Back to School

Posted on: 07/22/2020

- The AAP has put out guidance stating the importance of having children attend school in-person whenever possible, and we agree with that statement. Being physically present at school is important to a child's academic development, but is also key for their social-emotional development and mental health. While we must be cautious about spreading COVID in the community, there is a real risk to children missing out on in-person school as well.

- We expect that CDC guidelines will be used by schools to mitigate the risk of COVID transmission among students, and it is reassuring that data continue to show that children are at very low risk of serious disease from COVID, especially in elementary school age and younger. There is also some evidence that children are less likely to transmit disease to others. Here is a link to the American Academy of Pediatrics positions on the topic:

- Face masks are a key part of the guidelines for safe return to school, and we do not have any safety concerns for their use in children all day for school attendance, even if your child has a condition such as asthma. Children <2 yrs="" of="" age="" or="" who="" are="" neurologically="" compromised="" may="" have="" difficulty="" wearing="" removing="" masks="" without="" assistance="" so="" their="" use="" in="" these="" groups="" is="" not="" recommended="" p="">

- There are some conditions which may put your child, or a close family member, at risk for severe disease from COVID. If your child or a close relative with frequent contact has one of these conditions, this may be a reason to choose virtual learning and we suggest you discuss this with the specialist guiding their care. If you do not have a specialist or would also like to speak with one of our providers, we are available by phone as well. These conditions may include:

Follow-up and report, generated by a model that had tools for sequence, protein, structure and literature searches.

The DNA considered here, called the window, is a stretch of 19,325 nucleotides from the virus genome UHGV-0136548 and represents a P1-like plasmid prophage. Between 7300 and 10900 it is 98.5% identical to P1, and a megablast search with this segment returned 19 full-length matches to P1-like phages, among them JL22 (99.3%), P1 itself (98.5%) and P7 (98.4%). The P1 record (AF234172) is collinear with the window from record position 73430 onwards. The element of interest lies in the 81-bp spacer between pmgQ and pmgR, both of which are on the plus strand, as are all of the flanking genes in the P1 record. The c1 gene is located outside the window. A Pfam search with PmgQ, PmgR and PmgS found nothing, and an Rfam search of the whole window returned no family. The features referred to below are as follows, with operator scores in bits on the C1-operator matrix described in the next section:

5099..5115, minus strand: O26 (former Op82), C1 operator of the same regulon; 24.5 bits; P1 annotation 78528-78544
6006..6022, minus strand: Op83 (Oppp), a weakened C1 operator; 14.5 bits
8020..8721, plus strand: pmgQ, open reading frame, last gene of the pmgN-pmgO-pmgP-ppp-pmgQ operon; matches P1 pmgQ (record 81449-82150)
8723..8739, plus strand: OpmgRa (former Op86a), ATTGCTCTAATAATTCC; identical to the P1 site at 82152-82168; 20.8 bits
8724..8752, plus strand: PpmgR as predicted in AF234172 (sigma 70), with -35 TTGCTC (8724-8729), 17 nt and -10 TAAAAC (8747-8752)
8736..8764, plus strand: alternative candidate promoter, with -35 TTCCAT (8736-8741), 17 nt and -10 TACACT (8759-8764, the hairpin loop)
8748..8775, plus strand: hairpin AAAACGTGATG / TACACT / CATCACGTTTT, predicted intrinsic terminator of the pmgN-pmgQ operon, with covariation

- Diabetes
- Chronic/complex kidney disease
- Complex heart disease (excluding innocent heart murmurs)
- Complex neurologic conditions
- Chronic lung disease (COPD, pulmonary malformations, moderate to severe asthma; generally mild asthma is NOT included)
- Obesity
- History of organ transplant
- Compromised immune system from other underlying condition or medication

- It is important to remember that while schools will try to take every precaution possible to reduce transmission of COVID, returning to in-person school will not be risk-free, and you have to decide what is best for your family and your child in terms of in-person vs. virtual learning for the fall.

-Confirm that your child's immunizations are up to date. As always, we encourage everyone to get the influenza vaccine this year, but it is especially critical this year for those returning to school or participating in activities outside the home.

-Recommendations may change based on prevalence of the virus in the area. It is also important to be flexible and have a back-up plan in place should your school need to transition to remote learning.

-The following are some safety factors schools are putting in place. You can check with your school to see if any of the following are in the plans for reopening:
-Physical distancing
-Frequent hand hygiene
-Cloth face coverings (in school and on buses)
-Utilize outside space when possible
-Lunch in room or small groups outside
-Temperature checks (home and/or school). Fever is considered temperature of 100.4 F or greater
-Sanitizing classrooms and high touch surfaces
-Minimize use of high touch surfaces (such as keeping classroom doors open)

-Keep your child home if s/he or any family member has any illness symptoms.

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